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I need to use a relay in my car to power a piece of equipment when the ignition switch is off.

Relays / relay sockets have diodes to suppress flyback voltage spikes and prevent damage to switch contacts / transistors.

A relay generally switches to ground whereas, in a car, the ignition switch is in the positive lead with the negative lead connected directly to chassis.

Is flyback diode protection still required with the excess voltage going to ground?

Without diode protection could the voltage spike still damage components on the positive side of the relay?

I suppose the flyback voltage spike would occur on the negative side of the relay.

The relay socket I have ordered already has the diode wired in.

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3 Answers 3

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In brief, yes, you still need the diode

You have a couple of things wrong in what you're thinking:

in all schematics, relay uses switch on ground

This is false. It's certainly more common to switch to ground with an NPN relay, for example, but you can find plenty of circuits with top-side switching.

My thoughts are that overvoltage build up is in the nagative side of the relay.

This is also false. The thing that builds up is the magnetism in the relay. When the powering current is removed, we now have magnetism which dissipates next to the coil. A changing magnetic field will produce a current in a coil -- it's how all generators and transformers work -- and so you get electricity out from the relay, in the reverse direction. The voltage back out can be higher (a lot higher) than the input voltage, because it's not really anything to do with the input voltage. (In an experiment with a very ordinary 12V relay I was seeing 50-100V voltages back.)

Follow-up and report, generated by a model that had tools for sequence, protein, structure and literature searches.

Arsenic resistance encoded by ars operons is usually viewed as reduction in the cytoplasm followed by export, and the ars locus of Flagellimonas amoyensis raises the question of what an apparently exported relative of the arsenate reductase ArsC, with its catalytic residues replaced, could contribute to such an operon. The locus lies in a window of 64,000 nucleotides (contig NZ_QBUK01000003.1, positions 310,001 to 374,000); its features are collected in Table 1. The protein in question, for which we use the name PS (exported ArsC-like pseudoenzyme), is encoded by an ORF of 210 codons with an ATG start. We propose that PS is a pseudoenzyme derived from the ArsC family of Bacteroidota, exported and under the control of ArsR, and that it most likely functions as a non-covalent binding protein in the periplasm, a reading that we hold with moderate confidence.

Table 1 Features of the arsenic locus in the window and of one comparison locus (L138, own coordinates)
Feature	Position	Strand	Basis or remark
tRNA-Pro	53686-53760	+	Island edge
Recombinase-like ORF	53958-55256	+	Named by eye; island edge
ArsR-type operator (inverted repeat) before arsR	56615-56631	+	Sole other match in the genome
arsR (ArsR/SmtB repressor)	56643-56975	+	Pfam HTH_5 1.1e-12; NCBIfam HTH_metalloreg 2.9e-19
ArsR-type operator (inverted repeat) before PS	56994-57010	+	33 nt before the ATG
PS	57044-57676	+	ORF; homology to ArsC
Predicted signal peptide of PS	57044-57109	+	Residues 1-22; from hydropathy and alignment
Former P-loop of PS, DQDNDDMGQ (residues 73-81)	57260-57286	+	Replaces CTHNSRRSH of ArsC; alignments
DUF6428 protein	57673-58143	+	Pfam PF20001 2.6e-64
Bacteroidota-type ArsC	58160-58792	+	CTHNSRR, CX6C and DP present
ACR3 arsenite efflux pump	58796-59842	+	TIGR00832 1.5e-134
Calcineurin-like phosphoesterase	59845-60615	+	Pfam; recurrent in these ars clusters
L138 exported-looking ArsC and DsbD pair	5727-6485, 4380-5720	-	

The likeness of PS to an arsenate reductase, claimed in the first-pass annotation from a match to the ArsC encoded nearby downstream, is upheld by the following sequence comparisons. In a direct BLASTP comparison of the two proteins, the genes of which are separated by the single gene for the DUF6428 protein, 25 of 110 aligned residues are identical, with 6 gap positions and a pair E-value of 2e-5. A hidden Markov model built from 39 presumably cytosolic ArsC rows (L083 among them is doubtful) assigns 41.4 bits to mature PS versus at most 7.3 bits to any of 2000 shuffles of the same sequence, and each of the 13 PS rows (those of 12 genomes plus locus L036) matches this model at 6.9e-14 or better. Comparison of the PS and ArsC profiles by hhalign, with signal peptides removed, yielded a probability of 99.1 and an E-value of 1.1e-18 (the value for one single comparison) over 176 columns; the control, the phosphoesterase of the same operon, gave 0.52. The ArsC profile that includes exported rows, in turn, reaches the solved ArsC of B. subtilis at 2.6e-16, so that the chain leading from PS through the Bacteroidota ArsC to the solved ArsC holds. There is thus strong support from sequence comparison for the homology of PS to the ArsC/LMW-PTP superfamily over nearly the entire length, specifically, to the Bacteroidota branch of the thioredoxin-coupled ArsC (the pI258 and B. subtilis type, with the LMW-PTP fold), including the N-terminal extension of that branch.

The diode provides a low-resistance circuit in one direction only -- the opposite direction -- so this reverse voltage dissipates (as heat) through the diode. Sometimes other components serve the same function.

  • To find out more about the cause, read about Back EMF.
  • To find out more about the solution, read about Snubber Circuits
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  • \$\begingroup\$ Does diode completely eliminate back voltage for further circuit? \$\endgroup\$
    – dummygear
    Jul 6, 2023 at 13:14
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Here's the schematic.

enter image description here

With the ignition switched off and relay 'K1' de-energised, its 'NC' contact enables the load to be switched on through the SPST switch 'S1'.

When 'K1' is energised the load is disabled.

When 'K1' is de-energised, the flyback current is dissipated in the closed circuit comprising 'K1' coil and its flyback diode.

The load would also require a flyback diode should it be inductive.

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Without flyback diode

schematic

simulate this circuit – Schematic created using CircuitLab

STEP 0

STEP 1

With damping resistor

schematic

simulate this circuit

STEP 2

With flyback diode

schematic

simulate this circuit

STEP 3

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